Anna's natural nap time fell smack-dab in the middle of the tour, so she started to get a bit fussy.  Okay, very fussy. We tried just about everything to get her to calm down -- playing with her, funny faces, taking her out of the sling carrier, handing her to her daddy and then back to me, pointing at the lights in an attempt to fool her into smiling for a "camera..."  That last one worked wonders and she pasted a fake smile on her face for about the ten seconds it took to figure out that, no, her picture was not being taken.  Finally, in a last attempt to keep us on the tour, (since they will ask loud babies and their parents to leave) I nursed Anna discreetly while continuing to walk the tour.  She fell right asleep, and our fellow tourists sang her praises as we exited the cave at the end of the tour.  They told us what a good baby we have. With a sleeping baby in my arms, there was no way I was going to argue.

We said goodbye to Arizona and headed back toward Albuquerque and my grandparents' house.  We could have continued on for a couple more days, but we had seen everything on our list and were ready to get home.  We were stopped at another Border Patrol Checkpoint where the officer asked, "Everyone U.S. citizens here?" We said yes, and he waved us through.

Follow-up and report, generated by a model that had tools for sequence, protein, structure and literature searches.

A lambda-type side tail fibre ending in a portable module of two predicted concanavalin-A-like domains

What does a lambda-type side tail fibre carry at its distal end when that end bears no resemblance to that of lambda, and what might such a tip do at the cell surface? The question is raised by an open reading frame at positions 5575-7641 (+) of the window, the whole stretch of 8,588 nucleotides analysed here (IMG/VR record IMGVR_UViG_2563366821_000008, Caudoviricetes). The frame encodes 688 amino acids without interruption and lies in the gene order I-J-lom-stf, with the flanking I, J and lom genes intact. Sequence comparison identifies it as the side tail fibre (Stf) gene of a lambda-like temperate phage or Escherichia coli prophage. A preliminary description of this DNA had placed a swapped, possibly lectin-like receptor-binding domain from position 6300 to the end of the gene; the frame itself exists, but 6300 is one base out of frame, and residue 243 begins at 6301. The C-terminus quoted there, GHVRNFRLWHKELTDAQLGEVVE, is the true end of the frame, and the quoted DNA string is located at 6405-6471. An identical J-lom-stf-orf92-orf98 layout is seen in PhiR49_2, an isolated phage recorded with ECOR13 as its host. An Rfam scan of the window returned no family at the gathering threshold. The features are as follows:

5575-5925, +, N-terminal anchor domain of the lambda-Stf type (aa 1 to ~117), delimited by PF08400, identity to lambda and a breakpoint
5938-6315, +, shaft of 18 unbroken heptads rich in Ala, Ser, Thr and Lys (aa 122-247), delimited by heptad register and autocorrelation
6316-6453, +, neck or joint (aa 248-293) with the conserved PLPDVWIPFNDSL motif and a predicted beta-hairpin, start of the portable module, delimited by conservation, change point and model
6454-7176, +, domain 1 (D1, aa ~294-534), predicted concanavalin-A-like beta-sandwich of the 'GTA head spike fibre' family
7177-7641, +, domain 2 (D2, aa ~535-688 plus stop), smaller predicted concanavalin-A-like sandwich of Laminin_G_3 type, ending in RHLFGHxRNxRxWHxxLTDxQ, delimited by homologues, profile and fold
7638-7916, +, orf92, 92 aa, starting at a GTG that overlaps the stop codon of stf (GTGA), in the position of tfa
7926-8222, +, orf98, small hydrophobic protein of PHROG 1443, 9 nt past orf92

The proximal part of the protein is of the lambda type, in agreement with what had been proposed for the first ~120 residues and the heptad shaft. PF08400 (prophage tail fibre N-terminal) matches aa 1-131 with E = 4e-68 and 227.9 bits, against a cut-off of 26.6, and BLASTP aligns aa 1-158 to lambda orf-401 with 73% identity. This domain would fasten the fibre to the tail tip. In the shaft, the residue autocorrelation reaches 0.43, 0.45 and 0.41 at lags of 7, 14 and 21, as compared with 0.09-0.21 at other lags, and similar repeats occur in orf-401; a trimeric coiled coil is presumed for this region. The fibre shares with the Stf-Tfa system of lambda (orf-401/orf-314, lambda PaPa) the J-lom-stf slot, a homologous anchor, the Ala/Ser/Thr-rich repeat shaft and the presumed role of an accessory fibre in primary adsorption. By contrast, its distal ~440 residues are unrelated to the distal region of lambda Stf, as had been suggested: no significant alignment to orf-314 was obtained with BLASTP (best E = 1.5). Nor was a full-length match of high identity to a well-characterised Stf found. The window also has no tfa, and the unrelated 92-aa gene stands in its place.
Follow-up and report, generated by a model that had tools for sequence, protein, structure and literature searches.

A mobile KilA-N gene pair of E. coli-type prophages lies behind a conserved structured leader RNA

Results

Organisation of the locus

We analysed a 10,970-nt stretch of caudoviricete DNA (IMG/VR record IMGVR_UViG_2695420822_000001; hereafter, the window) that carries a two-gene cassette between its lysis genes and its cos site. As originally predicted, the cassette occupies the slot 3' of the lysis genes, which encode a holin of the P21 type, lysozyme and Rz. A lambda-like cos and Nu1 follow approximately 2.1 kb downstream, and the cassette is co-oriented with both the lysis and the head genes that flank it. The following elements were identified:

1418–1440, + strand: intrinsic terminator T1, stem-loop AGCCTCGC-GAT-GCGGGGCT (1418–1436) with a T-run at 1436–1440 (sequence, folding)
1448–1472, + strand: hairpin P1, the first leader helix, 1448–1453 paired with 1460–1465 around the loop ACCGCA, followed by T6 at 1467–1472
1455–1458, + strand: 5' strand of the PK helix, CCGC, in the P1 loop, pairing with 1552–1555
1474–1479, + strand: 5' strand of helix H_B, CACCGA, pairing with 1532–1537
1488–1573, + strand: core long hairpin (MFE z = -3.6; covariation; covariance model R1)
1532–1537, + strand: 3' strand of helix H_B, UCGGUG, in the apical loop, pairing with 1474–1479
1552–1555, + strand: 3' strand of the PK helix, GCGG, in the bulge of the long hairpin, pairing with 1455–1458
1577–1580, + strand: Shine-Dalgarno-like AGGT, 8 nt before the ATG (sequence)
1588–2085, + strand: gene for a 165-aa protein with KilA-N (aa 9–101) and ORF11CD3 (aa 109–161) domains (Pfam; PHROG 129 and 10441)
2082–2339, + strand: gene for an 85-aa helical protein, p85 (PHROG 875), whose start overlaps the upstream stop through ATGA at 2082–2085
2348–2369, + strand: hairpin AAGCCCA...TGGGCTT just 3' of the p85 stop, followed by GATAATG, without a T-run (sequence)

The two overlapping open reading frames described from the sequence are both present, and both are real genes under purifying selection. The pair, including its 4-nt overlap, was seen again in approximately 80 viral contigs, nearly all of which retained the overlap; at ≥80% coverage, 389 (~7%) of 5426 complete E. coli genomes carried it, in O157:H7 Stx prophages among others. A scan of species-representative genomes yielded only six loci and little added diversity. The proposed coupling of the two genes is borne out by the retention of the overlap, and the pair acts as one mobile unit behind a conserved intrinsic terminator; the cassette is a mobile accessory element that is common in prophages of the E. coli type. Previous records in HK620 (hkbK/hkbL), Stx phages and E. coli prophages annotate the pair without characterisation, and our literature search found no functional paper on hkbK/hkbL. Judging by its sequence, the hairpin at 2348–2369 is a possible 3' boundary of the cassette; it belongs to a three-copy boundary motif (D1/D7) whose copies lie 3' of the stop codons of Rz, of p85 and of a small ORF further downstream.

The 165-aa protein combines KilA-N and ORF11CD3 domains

We arrived at Grandma's about 7:00 where she had a delicious dinner prepared for us.  Anna let her Great Grandma Jan hold her. That made me (and my grandma) happy. I think another visit or two would make Grandma part of Anna's "inner circle."  We put our pictures on the TV for an old-fashioned slideshow presentation and enjoyed the city lights and good fellowship.  After our goodbyes, we headed to the hotel, but that is a story for another day!

Family Trip 2013: Day 6 Addition

I wanted to include a picture of my great grandparents, Errol and Clara Muckey, in front of the Flowing Wells Assembly of God, but my last post had too many pictures already.  I have to share it though.  To me, it was just too neat to be standing there in front of a place of worship that was an integral part of my family history and my own dad's life.

Errol and Clara Muckey in front of Flowing Wells Assembly of God
This is them inside (?) celebrating 50 years of marriage in 1970.
My dad (age 10) at the same celebration.  Note the wedding picture on the table.
2013
Anna and me in 2013
My dad's baptism


Tuesday, March 19, 2013

Family Trip 2013: Day 6

It would be a shame to wake up in a four star hotel resort in the early hours of the morning and rush off -- so we didn't bother. We slept in, enjoyed the balcony, strolled the lobby, and just took our time.  Who knows when we will be in a hotel like that again?
Lemon Tree
 

Saguaro Gardening?
We did leave in time for a late breakfast elsewhere, as we were not up to paying resort prices for the meal.  Then we headed south toward Tucson.